Résumé / Abstract Seminaire_IAP
« Two milestones in the life of the Universe: Last Scattering Surface and Black Body Photosphere »

Rashid Sunyaev
Max-Planck-Institut für Astrophysik (Garching, Allemagne)

Hydrogen recombination at redshifts z ~ 1100 - 1300 leads to the rapid decrease of the optical depth of the Universe due to the Thomson scattering. As a result, we can directly observe the density and velocity perturbations leading to the formation of acoustic peaks in the observed CMB angular distribution. Spectral features in the CMB spectrum contain a wealth of information about physical processes in the early Universe at redshifts z < 2 10^6, i.e. when the Universe was more than 2 months old. The Cosmic Microwave Background Radiation (CMB) spectral distortions are complementary to all other probes of cosmology. In fact, most of the information contained in the CMB spectrum is inaccessible by any other means. This talk outlines the main physics behind the spectral features in the CMB throughout the history of the Universe, concentrating on the distortions which are inevitable and must be present at a level observable by the next generation of proposed CMB experiments. The spectral distortions considered here include spectral features from a) cosmological recombination of hydrogen and helium, b) resonant scattering of CMB by metals during reionization which allows us to measure their abundances at redshifts z ~ 3 - 20, c) y-type spectral distortions during and after reionization and d) µ - type distortions created at redshifts z > 10^5 due to any significant energy release (for example: due to decay or annihilation of dark matter particles or due to viscous decay of primordial sound waves). Special attention will be given to the existence of Blackbody Photosphere of our Universe at redshift z ~ 2 10^6, behind which Comptonization, double Compton and Bremsstrahlung are able to remove spectral distortions arising due to arbitrary strong energy release and create a perfect black body spectrum. CMB spectral distortions detected on the sky by Planck spacecraft, South Pole Telescope and Atacama Cosmology Telescope permitted us to discover more than thousand hitherto unknown clusters of galaxies (most massive gravitationally bound objects in the Universe, containing thousands of galaxies, hot (kTe > 1 KeV) intra-cluster gas, a huge amount of dark matter and gravitational lenses). These clusters of galaxies are serving as probes for modern cosmology today and are reflecting the continuous growth of the Large Scale Structure.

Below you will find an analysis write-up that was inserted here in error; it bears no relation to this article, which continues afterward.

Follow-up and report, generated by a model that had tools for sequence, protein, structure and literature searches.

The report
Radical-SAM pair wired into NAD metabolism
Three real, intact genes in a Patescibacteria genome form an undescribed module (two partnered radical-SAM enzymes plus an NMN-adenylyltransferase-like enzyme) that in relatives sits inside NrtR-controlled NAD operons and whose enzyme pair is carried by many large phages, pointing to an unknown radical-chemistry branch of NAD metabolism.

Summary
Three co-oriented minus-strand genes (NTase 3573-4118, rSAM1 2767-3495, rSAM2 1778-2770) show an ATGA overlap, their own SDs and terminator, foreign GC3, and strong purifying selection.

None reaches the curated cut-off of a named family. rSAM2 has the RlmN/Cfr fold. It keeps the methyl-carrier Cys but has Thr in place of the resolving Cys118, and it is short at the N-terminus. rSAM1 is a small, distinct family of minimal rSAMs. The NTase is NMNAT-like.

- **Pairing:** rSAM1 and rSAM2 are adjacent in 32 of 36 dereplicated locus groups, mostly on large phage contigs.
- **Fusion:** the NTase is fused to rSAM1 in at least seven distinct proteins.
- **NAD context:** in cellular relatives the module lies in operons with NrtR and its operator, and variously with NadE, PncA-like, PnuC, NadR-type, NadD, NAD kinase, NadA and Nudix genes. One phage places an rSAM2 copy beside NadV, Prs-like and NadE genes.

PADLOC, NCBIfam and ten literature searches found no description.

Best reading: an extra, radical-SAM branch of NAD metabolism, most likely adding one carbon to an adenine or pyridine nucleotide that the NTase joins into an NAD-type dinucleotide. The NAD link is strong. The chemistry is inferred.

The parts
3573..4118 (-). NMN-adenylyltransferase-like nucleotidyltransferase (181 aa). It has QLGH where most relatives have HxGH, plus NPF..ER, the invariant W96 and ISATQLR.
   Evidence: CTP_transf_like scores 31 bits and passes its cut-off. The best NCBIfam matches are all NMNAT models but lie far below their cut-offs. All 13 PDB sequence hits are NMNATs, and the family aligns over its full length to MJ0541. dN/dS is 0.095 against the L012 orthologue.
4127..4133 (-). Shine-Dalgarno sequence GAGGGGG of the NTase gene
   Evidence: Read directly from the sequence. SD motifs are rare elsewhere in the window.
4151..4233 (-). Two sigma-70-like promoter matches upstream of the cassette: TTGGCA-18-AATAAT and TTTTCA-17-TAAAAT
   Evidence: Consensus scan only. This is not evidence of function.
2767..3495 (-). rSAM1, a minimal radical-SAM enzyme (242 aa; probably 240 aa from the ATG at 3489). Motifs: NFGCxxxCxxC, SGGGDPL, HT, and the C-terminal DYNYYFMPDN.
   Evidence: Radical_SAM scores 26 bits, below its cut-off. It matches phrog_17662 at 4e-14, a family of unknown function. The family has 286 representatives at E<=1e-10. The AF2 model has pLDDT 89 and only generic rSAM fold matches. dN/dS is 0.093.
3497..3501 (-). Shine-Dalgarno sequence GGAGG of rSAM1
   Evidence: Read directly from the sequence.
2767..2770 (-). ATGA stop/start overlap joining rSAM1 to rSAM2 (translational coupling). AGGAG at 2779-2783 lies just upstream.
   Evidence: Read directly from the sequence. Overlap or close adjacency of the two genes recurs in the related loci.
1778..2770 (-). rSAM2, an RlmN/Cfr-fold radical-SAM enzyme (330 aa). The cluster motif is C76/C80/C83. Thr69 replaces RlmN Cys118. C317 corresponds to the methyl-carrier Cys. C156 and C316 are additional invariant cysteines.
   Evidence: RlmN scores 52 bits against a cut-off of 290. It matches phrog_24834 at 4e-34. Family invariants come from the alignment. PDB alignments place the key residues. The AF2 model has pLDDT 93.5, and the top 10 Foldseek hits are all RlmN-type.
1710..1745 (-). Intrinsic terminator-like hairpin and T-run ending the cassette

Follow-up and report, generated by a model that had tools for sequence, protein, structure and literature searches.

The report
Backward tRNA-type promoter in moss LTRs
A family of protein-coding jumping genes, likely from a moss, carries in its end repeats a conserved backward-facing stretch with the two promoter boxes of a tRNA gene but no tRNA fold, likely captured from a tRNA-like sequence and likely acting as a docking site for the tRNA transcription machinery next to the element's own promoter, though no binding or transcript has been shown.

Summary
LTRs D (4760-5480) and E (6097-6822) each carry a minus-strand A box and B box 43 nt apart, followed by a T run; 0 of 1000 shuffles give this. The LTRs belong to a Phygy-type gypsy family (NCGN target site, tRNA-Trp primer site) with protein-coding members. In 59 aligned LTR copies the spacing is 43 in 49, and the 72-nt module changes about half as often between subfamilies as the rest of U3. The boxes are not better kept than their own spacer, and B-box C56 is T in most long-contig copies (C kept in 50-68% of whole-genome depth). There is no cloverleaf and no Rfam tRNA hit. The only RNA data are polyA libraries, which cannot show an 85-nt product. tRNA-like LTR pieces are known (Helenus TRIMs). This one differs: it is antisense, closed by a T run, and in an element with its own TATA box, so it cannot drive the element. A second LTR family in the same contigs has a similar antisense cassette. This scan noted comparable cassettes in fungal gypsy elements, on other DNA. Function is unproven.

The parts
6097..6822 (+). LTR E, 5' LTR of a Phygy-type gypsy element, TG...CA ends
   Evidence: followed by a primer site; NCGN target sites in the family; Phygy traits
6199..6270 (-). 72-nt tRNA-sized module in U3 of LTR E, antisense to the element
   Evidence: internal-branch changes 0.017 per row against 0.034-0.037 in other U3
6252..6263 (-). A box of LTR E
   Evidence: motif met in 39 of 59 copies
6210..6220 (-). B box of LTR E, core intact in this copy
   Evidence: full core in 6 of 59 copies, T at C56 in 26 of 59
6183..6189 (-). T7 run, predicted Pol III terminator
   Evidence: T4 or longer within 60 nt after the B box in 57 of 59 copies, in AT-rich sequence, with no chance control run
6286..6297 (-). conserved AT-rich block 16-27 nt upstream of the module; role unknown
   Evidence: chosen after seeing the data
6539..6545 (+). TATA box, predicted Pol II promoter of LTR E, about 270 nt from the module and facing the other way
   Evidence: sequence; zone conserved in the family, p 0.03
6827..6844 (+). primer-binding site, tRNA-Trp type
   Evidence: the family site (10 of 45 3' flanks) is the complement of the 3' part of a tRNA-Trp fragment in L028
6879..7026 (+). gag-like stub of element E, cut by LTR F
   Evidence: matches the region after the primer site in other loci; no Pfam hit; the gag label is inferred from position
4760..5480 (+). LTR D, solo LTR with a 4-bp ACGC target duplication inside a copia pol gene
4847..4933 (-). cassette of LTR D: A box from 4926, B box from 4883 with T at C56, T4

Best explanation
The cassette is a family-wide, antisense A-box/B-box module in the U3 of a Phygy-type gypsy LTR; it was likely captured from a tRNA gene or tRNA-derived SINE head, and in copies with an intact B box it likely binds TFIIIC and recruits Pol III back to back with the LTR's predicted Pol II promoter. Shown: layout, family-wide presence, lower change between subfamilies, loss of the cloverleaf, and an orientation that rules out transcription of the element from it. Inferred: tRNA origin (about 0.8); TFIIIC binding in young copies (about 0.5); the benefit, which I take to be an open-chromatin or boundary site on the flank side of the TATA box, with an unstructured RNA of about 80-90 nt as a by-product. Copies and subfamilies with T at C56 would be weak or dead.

vendredi 27 mai 2016 - 11:00
Amphithéâtre Henri Mineur, Institut d'Astrophysique de Paris
Page web du séminaire / Seminar's webpage